If your goal is to save money, it may make more sense to build a bandsaw, which is a comparable amount of work. A good bandsaw will easily cost $600. Or you could build a machine that can't be bought at any price, like the pantorouter :)


Pat Hawley adds:

First off I'll say that working with Matthias has been a lot of fun, and I've enjoyed being exposed to his lateral thinking. Clever guy.

When we started off on this venture, I anticipated that he would be in my shop more often using some of my tools and jigs and asking me many questions. In fact, he wasn't over much and he asked few questions. Had he done so he could have saved himself some time and effort but, personally, I think the series has been much better because he didn't. What you have seen has been truly his approach and there's been something for everyone to learn (although I won't be anchoring my strings with screws any time soon). Most importantly what I hope people take away is that there is no magic to instrument building and if you just relax and go for it you surely will surprise yourself with the wonderful results.

I've noticed a few comments on forums where people have wondered what I think of his methods or what he's done so now I'll tell you. My opinion is that if something works for you, than it's a good method. So while some of the things Matthias did were "different", the bottom line is that he has built a great sounding ukulele that I'd take over most of those available in stores any day of the week. It has a nice, bright tone and good sustain. I would even begrudgingly admit that it sounds better than the one I show in our intro video and that one has a relatively expensive Engelmann Spruce top and Brazilian Rosewood back and sides! But Matthias did many things right. Most importantly he made the top thin and kept the bracing light. He also took care to get the frets well seated and level so his uke is quite playable. The only area where I thought he could have gone further while still remaining within the spirit of what he was doing was if he'd made the neck more rounded and lighter overall.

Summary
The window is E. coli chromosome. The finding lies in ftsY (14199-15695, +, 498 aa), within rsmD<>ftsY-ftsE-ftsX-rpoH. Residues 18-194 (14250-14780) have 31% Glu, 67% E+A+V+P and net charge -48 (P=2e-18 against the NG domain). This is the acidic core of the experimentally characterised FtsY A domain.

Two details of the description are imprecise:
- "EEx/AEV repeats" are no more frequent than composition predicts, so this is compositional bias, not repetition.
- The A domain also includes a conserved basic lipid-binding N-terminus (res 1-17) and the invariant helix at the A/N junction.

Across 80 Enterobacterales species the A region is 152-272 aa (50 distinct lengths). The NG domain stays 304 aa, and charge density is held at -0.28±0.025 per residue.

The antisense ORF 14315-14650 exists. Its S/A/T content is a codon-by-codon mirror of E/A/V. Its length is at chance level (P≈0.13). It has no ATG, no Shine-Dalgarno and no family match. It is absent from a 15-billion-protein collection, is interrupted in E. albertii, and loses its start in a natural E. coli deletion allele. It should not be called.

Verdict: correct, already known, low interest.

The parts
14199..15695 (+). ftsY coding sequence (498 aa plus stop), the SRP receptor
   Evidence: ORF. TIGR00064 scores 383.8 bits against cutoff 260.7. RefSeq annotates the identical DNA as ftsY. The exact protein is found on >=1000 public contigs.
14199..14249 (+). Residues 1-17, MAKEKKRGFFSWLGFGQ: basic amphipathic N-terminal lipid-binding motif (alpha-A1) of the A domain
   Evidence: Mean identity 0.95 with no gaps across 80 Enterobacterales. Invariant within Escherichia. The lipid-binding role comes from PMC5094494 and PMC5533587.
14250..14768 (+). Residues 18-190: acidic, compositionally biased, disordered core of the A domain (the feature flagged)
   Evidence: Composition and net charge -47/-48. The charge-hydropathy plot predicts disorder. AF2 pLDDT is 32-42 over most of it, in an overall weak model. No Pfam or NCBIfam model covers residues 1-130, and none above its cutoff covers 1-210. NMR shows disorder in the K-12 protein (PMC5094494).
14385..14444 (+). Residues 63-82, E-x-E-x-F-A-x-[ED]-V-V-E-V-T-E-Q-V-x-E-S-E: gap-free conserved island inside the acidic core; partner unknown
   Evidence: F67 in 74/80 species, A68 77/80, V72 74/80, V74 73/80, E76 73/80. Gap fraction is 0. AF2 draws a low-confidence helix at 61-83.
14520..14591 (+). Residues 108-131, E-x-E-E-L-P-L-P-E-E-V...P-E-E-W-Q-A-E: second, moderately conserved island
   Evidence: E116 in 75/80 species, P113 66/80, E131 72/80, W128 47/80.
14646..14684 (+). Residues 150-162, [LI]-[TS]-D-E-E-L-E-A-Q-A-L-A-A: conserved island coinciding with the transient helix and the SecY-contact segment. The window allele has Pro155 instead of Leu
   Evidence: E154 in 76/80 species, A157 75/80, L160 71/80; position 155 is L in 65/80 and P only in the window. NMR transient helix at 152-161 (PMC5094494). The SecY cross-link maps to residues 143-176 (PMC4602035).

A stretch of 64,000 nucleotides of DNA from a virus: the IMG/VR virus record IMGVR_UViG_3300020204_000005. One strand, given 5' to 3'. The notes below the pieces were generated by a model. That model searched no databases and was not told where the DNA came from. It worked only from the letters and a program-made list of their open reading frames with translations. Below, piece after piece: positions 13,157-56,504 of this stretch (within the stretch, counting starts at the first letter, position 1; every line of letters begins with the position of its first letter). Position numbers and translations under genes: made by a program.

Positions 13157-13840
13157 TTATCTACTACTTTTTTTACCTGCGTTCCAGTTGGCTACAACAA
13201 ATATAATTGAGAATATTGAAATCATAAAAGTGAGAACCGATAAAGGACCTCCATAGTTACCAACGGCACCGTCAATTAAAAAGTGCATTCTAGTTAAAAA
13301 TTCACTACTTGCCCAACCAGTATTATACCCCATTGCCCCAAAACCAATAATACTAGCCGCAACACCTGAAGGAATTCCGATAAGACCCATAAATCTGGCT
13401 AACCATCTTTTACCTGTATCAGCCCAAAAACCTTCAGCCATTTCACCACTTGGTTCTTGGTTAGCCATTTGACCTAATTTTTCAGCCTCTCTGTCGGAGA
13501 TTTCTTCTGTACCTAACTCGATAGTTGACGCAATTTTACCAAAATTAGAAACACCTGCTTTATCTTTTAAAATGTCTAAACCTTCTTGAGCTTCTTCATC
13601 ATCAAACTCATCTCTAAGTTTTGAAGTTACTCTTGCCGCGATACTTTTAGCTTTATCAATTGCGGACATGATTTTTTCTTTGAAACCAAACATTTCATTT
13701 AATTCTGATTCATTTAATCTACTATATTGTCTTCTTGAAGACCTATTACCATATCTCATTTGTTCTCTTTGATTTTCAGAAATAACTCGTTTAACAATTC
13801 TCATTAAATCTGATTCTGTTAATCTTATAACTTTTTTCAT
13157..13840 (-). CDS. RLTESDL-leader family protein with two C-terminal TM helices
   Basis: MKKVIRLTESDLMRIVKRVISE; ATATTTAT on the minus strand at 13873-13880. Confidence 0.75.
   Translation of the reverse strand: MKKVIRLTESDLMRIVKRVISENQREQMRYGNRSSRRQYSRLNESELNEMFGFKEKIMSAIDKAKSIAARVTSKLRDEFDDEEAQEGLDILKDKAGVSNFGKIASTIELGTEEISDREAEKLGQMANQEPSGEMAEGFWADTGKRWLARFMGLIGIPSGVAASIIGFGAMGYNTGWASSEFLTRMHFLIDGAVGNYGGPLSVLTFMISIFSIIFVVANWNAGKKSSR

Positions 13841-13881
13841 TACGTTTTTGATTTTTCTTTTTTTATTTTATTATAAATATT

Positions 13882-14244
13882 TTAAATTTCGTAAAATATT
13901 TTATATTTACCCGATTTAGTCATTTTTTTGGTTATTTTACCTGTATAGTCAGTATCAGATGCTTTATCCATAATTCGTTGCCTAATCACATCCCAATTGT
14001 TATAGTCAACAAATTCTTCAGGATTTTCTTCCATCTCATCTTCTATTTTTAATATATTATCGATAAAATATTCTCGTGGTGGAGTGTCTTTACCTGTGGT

So again I want to come back to encourage others to give building a ukulele a try. I think Matthias has demonstrated that you don't have to be a specialist and you don't have to spend a lot of money on exotic woods to end up with something that plays and sounds great. And the humble uke has a lot to offer. On the one hand it's very accessible and you can very quickly be strumming some chords, and on the other you could spend a lifetime getting better all the time. It's hard not to get enthused. I had to talk Matthias into this and part of the fun for me has been seeing him go from "what do I want with a ukulele" to "it's hard to put this thing down". Hope you had fun too.


Some fun with the ukulele
with Go Long(!) music

Back to the ukulele page.